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Op-Ed: The Ted Stevens Act Gives Amateur Competitions Freedom

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Op-Ed: The Ted Stevens Act Gives Amateur Competitions Freedom

Colleen McCloskey photo.

This is a summary opinion column outlining a longer op-ed submitted by Rafael Zahralddin. The link to the more detailed article is below. 

This article will discuss how amateur sports are governed in the United States. The Ted Stevens Act created the United States Olympic & Paralympic Committee and national governing bodies of individual sports like USA Gymnastics, USA Basketball, and USA Rugby, to address the lack of competitiveness in U.S. Olympic teams. 

See Full Op-Ed on: Ted Stevens Act and Restricted Amateur Athletic Competitions Here (PDF) >>

This article will hopefully provide a good resource for those responsible for exempt organizations on amateur sports governance in the United States and how the various organizations involved in stewarding the sport interact and their respective responsibilities and jurisdictions.

The Ted Stevens Act also gives exclusive jurisdiction to independent amateur athletic organizations over competitions for a discreet group of amateur athletes like collegiate, armed services, and high school athletes under sections 220526 and 220523(a)(5) of the Act, exempting them from jurisdiction of the USOPC and its NGBs. These competitions are known as “Restricted Amateur Athletic Competitions,” taken from the title of section 220526 of the Ted Stevens Act.

The article will also discuss the responsibilities of the USOPC and its NGBs—which international and national competitions they run, promotion of the sport, and how they are supposed to cooperate with Restricted Amateur Athletic Competitions that run their own national competitions. The article will explain how Courts interpreting the Act do so very narrowly. 

Antitrust laws prevent collusion and restraint of commerce.  The rules of international athletic federations like FIFA and World Rugby cannot expand U.S. antitrust exemptions or the limited jurisdiction over the sport granted by Ted Stevens either directly or indirectly for an NGB.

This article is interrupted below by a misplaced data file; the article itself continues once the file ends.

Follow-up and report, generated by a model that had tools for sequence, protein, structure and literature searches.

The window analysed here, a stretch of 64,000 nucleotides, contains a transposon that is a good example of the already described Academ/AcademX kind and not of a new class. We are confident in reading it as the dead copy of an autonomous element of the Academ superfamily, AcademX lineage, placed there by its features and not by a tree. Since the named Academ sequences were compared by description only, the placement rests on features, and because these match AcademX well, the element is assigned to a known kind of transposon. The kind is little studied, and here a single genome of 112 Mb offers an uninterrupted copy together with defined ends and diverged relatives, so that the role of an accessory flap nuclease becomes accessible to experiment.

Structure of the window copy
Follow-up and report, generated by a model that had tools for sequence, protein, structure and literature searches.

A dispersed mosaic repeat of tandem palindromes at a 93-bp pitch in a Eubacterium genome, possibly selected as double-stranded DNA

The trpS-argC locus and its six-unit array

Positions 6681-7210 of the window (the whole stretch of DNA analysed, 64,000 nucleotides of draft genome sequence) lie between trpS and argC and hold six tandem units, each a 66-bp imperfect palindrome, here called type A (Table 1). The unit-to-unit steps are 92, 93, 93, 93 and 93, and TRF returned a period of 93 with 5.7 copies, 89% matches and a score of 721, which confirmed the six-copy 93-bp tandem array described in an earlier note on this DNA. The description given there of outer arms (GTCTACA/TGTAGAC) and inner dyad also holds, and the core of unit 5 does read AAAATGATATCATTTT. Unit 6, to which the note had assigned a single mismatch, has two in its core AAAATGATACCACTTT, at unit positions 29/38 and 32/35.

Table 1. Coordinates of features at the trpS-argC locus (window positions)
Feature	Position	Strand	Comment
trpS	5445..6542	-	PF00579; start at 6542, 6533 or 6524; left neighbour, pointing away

The article will also detail how Ted Stevens grants independence to Restricted Amateur Athletic Competitions to run national competitions, including setting eligibility, protecting athletes from abuse, and, for example, regulating when competitions will resume under the current pandemic. Without the jurisdiction given to the USOPC, NGBs, and Restricted Amateur Athletic Competitions, all would be guilty of antitrust violations. The Ted Stevens Act gives a narrowly tailored antitrust exemption to the USOPC, NGBs, and Restricted Amateur Athletic Competitions. Restricted Amateur Athletic Competitions can choose who they play against, when, where, and how, just as long as they aren’t intruding on international amateur competitions, which are very limited in scope, especially after the decision in ChampionsWorld which limited FIFA and U.S. Soccer’s antitrust exemption and jurisdiction.     

Significantly, the article examines how organizations like the NCAA, state high school athletic organizations, or single and multi-sport collegiate organizations, including college club sports organizations, all operate independently of the USOPC and NGBs, though there are obvious areas and opportunities for cooperation to promote amateur sport between exempt organizations and the USOPC and its NGBs. While Restricted Amateur Athletic Competitions have as a primary mission their own competitions, which include significant and paramount educational objectives, they share a love and dedication for each of the sports and its athletes that the USOPC and its NGBs were created to foster.

See Full Op-Ed on Ted Stevens Act and Restricted Amateur Athletic Competitions Here (PDF) >>

— Rafael X. Zahralddin, Esq. is a Director and Shareholder in Elliott Greenleaf, P.C. He is also on the Board of Directors for National Collegiate Rugby (NCR). Thanks also to Sarah Denis, Associate, and Courtney Snyder, Business Development Director( Delaware) at Elliott Greenleaf.


This is an op-ed opinion column and the opinions herein do not necessarily represent the opinions of the GRR editorial staff.